And that's how things stood until 1969, when baseball expanded to 12 teams per league (ushering in, among others, the Royals), splitting each league into two divisions, and instituting "league championship series" to determine the pennant winners. The first team to win the World Series without having their league's best record was the 1973 Oakland A's, who won three less games than the Baltimore team they bumped off in the ALCS, and by then everyone was so busy wondering how the Mets snuck into the World Series despite finishing only three games over .500 that everyone forgot to cry for the Orioles.

      Whether this bothers you depends on what era you were born in—I grew up with division winners but not wild cards, so naturally enough one seems to me the natural order of things, the other an abomination. But really, it should depend on what you want from a championship.

      If you want the best teams to win, baseball really should go to the model used by European soccer leagues: You play the season, and whoever finishes on top is the champion, end of story. When Manchester City edged out Manchester United with a goal in the last minute of added time on the last day of the 2012 season, Man U didn't get to avenge its regular season defeat in the playoffs, because there aren't any. (There is the FA Cup, but it happens in the middle of the season and allows teams from lower-level leagues to participate as well, which in baseball would be totally awesome; if you think the Royals are lovable plucky underdogs, just imagine what it would be like if the St. Paul Saints lucked their way into the final round.)

      If you want maximum excitement, on the other hand, you have postseason series. Lots of postseason series, because that minimizes the risk that some team that wins all the time breezes through and everyone goes home bored. This has been a thrilling postseason by any measure—it feels like there have been more extra-inning games than nine inning games—and if the price of all that excitement is that who actually wins is increasingly meaningless, well, walk-off homers fly forever.

      Photo by Peter G. Aiken-USA TODAY Sports

      The winner has been excitement, largely because it's easier to sell the TV rights to a three-week crapshoot for big bucks than it is for a 162-games slog with no payout. Going back to fewer divisions—say, by adding a pair of expansion franchises and returning to eight-team divisions like in olden times—would make it more likely that the best team would win, but would cost MLB (and TBS and Fox) untold amounts of TV riches, so it's simply not going to happen.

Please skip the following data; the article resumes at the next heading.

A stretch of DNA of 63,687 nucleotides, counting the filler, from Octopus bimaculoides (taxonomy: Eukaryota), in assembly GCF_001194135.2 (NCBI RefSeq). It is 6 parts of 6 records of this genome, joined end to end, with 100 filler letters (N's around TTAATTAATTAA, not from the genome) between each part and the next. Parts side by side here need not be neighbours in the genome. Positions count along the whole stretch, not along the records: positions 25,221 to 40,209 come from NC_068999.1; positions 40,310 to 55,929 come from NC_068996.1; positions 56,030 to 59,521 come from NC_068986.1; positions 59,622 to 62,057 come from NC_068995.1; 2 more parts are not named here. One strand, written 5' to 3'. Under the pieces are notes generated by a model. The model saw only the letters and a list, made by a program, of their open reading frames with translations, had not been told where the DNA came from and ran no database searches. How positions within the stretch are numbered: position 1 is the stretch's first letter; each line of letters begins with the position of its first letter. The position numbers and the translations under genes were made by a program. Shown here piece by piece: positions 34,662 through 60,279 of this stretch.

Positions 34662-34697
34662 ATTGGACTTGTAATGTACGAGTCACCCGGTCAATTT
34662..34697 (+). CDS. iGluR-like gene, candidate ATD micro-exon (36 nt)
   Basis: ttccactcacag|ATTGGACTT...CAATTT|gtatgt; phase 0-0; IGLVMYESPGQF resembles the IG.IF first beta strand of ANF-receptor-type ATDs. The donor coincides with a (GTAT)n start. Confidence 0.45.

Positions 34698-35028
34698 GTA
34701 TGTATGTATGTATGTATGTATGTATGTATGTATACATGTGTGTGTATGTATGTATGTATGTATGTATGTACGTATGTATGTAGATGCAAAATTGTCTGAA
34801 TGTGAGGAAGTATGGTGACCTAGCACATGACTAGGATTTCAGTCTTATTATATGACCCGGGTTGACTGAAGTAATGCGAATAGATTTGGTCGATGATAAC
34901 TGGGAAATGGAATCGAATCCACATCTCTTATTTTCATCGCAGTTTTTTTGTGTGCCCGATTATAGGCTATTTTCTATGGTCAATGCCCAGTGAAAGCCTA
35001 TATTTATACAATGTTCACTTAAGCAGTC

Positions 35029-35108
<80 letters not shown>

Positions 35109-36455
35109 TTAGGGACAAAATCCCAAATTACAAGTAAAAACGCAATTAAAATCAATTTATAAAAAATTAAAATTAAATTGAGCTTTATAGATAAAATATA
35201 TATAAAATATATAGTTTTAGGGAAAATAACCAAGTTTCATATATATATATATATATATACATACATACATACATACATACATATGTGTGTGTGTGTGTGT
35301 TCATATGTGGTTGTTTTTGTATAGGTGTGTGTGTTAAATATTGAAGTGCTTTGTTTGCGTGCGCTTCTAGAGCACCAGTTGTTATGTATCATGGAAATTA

There are other ways to tip the balance in favor of the better teams, though, so that teams like the Royals would still have the chance to come out of nowhere, but would at least have to really earn it. Right now, all that the top seed gets is home-field advantage in one extra game, which makes sense in sports like basketball, where home teams win 60% of the time; in baseball, where the home team only wins 54% of games, it's a pretty silly perk, even before adding in the fact that home field advantage in the World Series goes not to the better team, but is is determined by a single exhibition game three months earlier.

      A more audacious—or depending on your perspective, crazier—system for unleveling the postseason playing field is the one used in recent years in the Japanese leagues. There, the Climax Series—the Japanese version of the League Championship Series—is a best-of-six format: The second-place team has to spot the first-place finisher a game before play even begins. This makes for an uphill climb, though not an insurmountable one; just this week, the second-place Hanshin Tigers swept the first-place Yomiuri Giants to advance to the final round, an occurrence rare enough to create plenty of excitement, plus some celebratory jumping in the river.

      And if a whole game is too much to hand to the top seed, there are plenty of other ways MLB could put its thumb on the scales. Force the lower seed to intentionally walk the first batter of every game! Allow the higher seed an extra player on their roster, or to choose whether to be subject to that pesky new rule about foul balls counting as strikes! Thanks to the sabermetric revolution, we know how all of these factors affect win odds, and could easily enough calibrate the first-place advantage to our heart's content.

      Or, if you like, just sit back and enjoy another four to seven nights of baseball, and don't worry too much about what it all means. After all, fans of 29 out of 30 teams are go home unhappy every winter no matter what, so maybe this is less about fairness than about letting somebody feel that they've grabbed the brass ring for once, regardless of who most deserves it. Because really, isn't that what America is all about?